Task force doctor stands by mammogram advice

November 19, 2009

(AP) -- A member of the panel whose new mammogram recommendations have led to confusion is defending the task force's report.

Dr. Timothy Wilt, a member of the U.S. Preventive Services Task Force, stuck by its recommendation that most women don't need mammograms in their 40s and should get one every two years starting at 50. The American Cancer Society's long-standing position has been that women should get starting at age 40.

Appearing Thursday on ABC's "Good Morning America," Wilt said the report was based on "up-to-date, accurate information about the evidence about the harms and benefits of treatment."

He said each woman still needs to talk with her doctor to make the most informed decision.

©2009 The Associated Press. All rights reserved. This material may not be published, broadcast, rewritten or redistributed.

Explore further: Study: Mammogram education is vital

Related Stories

Study: Mammogram education is vital

October 26, 2006

U.S. physicians say patients, when told how to obtain mammography screening for breast cancer, receive or schedule a mammogram within one month.

New mammogram advice raises questions, concerns

November 16, 2009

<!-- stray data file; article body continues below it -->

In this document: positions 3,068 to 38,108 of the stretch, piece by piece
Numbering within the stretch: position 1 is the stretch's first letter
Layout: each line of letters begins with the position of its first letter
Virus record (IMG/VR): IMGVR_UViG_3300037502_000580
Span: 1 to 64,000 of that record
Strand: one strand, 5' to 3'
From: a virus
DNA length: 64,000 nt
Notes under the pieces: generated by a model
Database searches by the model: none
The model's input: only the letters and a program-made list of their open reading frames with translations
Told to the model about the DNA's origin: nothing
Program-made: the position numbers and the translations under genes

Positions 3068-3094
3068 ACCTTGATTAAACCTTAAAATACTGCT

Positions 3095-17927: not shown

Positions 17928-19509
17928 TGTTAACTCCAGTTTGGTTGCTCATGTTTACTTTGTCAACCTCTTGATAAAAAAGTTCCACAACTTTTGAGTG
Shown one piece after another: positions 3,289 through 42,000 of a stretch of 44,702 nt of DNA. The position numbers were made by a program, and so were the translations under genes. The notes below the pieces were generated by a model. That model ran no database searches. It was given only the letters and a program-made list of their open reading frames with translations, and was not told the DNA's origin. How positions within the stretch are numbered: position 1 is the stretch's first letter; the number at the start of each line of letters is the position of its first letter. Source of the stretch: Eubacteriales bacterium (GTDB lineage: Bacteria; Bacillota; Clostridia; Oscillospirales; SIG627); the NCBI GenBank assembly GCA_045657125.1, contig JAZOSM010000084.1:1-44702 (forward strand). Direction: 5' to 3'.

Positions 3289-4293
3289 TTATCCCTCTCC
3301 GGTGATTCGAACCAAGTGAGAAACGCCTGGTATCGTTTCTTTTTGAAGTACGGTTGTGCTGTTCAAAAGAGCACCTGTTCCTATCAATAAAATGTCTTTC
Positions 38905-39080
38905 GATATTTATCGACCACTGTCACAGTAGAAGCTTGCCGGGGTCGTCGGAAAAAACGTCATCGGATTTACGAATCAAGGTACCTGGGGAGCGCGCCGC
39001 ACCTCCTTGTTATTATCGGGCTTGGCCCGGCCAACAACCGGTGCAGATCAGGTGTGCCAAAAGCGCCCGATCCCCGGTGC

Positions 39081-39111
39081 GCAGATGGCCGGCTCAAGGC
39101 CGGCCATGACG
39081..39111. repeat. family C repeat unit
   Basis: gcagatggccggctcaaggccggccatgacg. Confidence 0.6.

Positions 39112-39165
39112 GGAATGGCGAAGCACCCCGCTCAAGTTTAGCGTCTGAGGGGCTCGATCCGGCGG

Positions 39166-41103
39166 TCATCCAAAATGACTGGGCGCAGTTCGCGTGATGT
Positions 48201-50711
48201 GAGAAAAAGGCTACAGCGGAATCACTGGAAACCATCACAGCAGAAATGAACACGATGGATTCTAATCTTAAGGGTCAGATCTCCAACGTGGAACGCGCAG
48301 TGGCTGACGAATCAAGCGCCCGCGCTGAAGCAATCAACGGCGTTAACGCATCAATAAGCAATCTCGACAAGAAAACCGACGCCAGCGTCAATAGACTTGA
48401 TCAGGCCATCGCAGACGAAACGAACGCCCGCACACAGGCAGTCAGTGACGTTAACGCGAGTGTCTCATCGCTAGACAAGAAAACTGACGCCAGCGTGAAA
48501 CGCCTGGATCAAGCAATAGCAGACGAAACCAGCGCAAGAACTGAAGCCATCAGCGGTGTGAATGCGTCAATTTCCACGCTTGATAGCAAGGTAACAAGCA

(AP) -- For many women, getting a mammogram is already one of life's more stressful experiences. Now, women in their 40s have the added anxiety of trying to figure out if they should even be getting one at all.

Sebelius: Women should get mammograms by age 40

November 18, 2009

(AP) -- Women should continue getting regular mammograms starting at age 40, Health and Human Services Secretary Kathleen Sebelius said Wednesday, moving to douse confusion caused by a task-force recommendation two days ...

Recommended for you

How the finch changes its tune

August 3, 2015

Like top musicians, songbirds train from a young age to weed out errors and trim variability from their songs, ultimately becoming consistent and reliable performers. But as with human musicians, even the best are not machines. ...

Machine Translates Thoughts into Speech in Real Time

December 21, 2009

(PhysOrg.com) -- By implanting an electrode into the brain of a person with locked-in syndrome, scientists have demonstrated how to wirelessly transmit neural signals to a speech synthesizer. The "thought-to-speech" process ...

0 comments

Please sign in to add a comment. Registration is free, and takes less than a minute. Read more

Click here to reset your password.
Sign in to get notified via email when new comments are made.